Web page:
Should We Bomb Syria (or Afghanistan or Anywhere)? You’re Asking the Wrong Question

Critics of nonviolence say that option is the prerogative of the privileged. But actually it’s the other way around.
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“Violence does not just come in terms of bombs, of course: It is also embedded in the diversion of resources from health, education, social services, and housing.”

Photo by CHUYN / iStock.

I used to be what I called a “pragmatic pacifist.” That is, I got to be outraged about the very principle of military force when I didn’t agree with its use and got to shrug my shoulders and be a “pragmatist” when I did. Take, for example, the recent U.S. dropping of the “Mother of All Bombs” in Afghanistan—I felt outrage—and the “surgical strike” in Syria to deter the future use of baby-killing chemical weapons—I felt sad. But, as to the right or wrong, I shrugged.

My question lately is this: Can one actually admit to the “pragmatism” of force in one case without opening the door to the use of force at any scale in all cases? If you declare one war “just,” haven’t you agreed that every war—to some degree or in some group’s view—is also in some way just?

I know the arguments against a blanket approach to nonviolence, of course. World War II history books tell us armed occupied resistance and warfare against the Nazis was what brought the Holocaust to an end. To be antiwar in the case of WWII is equated by some as almost being pro-Holocaust.

I’ve studied WWII military history ever since working on my book Operation Jedburgh: D-Day and America’s First Shadow War. And lately I have been rereading Mark Kurlansky’s Non-Violence: The History of a Dangerous Idea. He argues that rather than ending or deterring the Holocaust, the outbreak of war against Hitler actually triggered it. There had been forced repatriation of Jewish people into concentration camps before war broke out, yes, but only in the isolation and brutality of wartime did Germany dare to turn concentration camps into death camps.

To be antiwar in the case of WWII is equated by some as almost being pro-Holocaust.

Further, armed resistance in Nazi-occupied countries, Kurlansky argues, was often less effective at deterring the German extermination of Jewish people than nonviolent efforts. In France, 26 percent of the 350,000 Jews were lost; 90 percent of Polish Jews died; and 140,000 were killed in the Netherlands. However, Denmark had no armed resistance, but through a program of organized noncooperation and a refusal to enact anti-Semitic measures, surrendered no Jewish people to the death camps. Bulgaria, a German ally, also saved its Jewish population, according to Kurlansky, through an effort of nonviolent noncooperation.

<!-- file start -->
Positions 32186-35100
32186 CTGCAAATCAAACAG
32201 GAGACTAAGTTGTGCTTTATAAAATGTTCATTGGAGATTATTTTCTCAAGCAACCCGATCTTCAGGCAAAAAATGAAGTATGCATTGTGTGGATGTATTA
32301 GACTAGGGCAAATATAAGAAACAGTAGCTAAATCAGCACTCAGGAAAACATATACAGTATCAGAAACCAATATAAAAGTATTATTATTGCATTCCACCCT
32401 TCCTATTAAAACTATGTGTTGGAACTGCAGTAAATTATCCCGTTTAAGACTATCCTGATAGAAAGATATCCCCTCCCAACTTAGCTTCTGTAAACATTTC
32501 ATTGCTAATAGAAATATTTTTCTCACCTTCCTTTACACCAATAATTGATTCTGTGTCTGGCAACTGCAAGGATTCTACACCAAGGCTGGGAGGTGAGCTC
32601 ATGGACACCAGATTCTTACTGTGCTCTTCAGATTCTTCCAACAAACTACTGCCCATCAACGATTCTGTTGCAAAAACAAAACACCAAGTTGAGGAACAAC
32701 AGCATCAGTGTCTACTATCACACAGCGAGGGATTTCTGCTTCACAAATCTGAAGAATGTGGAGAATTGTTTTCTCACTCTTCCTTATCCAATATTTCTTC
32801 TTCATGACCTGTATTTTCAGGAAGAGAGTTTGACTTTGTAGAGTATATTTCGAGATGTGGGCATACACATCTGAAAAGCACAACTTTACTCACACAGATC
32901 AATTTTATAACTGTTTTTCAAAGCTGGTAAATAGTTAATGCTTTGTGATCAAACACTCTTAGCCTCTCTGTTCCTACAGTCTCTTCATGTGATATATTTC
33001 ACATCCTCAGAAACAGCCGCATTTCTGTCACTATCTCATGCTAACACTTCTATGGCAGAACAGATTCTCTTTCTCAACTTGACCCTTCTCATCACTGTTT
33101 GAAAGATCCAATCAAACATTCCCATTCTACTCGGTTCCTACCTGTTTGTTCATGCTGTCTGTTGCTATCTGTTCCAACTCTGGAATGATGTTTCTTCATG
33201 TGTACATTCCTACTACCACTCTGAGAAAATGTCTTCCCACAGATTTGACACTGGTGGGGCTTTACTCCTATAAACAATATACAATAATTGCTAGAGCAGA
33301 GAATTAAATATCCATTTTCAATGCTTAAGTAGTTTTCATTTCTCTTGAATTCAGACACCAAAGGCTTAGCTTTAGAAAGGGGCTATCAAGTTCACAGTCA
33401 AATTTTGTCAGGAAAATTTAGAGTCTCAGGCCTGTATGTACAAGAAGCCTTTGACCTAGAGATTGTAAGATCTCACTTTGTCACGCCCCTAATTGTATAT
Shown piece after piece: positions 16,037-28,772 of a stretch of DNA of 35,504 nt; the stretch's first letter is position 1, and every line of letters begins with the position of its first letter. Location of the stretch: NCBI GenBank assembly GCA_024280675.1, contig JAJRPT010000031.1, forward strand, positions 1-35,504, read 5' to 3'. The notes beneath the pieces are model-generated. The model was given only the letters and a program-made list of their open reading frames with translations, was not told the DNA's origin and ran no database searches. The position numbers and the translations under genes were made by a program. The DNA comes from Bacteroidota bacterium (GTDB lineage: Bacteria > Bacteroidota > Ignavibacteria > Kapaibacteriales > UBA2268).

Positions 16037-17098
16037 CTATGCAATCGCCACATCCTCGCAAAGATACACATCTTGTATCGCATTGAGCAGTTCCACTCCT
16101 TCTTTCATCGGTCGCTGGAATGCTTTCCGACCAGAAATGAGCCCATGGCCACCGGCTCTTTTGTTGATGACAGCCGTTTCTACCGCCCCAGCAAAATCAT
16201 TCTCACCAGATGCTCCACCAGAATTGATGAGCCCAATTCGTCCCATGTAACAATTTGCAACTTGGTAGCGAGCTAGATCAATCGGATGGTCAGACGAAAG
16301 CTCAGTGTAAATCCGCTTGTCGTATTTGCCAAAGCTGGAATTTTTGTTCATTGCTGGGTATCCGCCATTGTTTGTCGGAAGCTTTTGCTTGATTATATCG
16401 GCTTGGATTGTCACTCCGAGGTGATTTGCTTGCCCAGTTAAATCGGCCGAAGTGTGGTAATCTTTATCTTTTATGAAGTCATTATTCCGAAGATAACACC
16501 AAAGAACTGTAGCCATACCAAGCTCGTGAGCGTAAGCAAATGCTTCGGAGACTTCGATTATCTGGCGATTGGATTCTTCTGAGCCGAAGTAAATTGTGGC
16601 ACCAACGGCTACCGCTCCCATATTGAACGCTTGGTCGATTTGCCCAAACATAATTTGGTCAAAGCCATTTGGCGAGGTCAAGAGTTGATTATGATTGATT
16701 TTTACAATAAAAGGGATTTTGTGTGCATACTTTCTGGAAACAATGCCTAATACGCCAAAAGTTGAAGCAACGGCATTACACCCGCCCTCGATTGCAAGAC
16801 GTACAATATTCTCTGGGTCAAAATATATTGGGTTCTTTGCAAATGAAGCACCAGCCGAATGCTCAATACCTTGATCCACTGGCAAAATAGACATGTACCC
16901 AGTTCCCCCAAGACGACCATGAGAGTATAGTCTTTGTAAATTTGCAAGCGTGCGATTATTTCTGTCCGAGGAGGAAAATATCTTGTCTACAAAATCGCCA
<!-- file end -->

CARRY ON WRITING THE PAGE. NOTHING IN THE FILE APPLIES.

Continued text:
Critics of nonviolence say it is the prerogative of the privileged, that only those not affected by atrocities have the luxury of advocating a nonviolent response. Yet in Kurlansky’s analysis, it is the other way around. Violence is the prerogative of the privileged, since they have the resources to wage battles effectively.

A violent response by the underpriveleged, historically speaking, often ends with their annihilation.

Kurlansky points to case after case of indigenous populations crushed after their attempts to meet violence by colonial forces in the 19th century with violence. On the other hand, he cites the case of a nonviolent attempt to reclaim their land by a group of New Zealand Maori under a leader named Te Whiti on the country’s northern island. Te Whiti’s nonviolent strategy is credited with stopping the genocide of the Maori.

Violence has never stopped violence, in Kurlansky’s analysis.

There may be a humanitarian rationalization for the dropping of bombs—as in the case of Syria—but there is rarely and probably never a humanitarian reason for it.

All of which leads me to this: Asking whether it is “just” to bomb in any one case is erroneous; asking whether to bomb or not to bomb is not the question.

To prevent war requires prevention-of-war preparations.

We know one bombing contributes to the logic for the use of force in all other cases. We know fighting fire with fire does not work. So the real question is how do we stop all bombings, no matter the provocation?

And now, as our aircraft carrier group heads toward an irate North Korea threatening to go nuclear, I can’t help but think of Albert Einstein, who had a lot to say on war and peace. He said that peace cannot be kept by force but only through understanding. He also said that being antiwar without being antiwar preparations is irrelevant.

That last idea, that to prevent war requires the prevention of the preparation for war, points to a way forward.

As a society, and as activists who seek to change it for the better, we need to recognize and emphasize the fundamental violence of preparing for war and allowing our taxes to be spent on the continued preparation. Keep in mind that violence does not just come in terms of bombs, of course: It is also embedded in the diversion of resources from health, education, social services, and housing.

How to work against war preparations may be the subject for many other columns. For now, it is enough to know that in debating whether to bomb or not to bomb—Syria or Afghanistan or North Korea—we are asking the wrong question.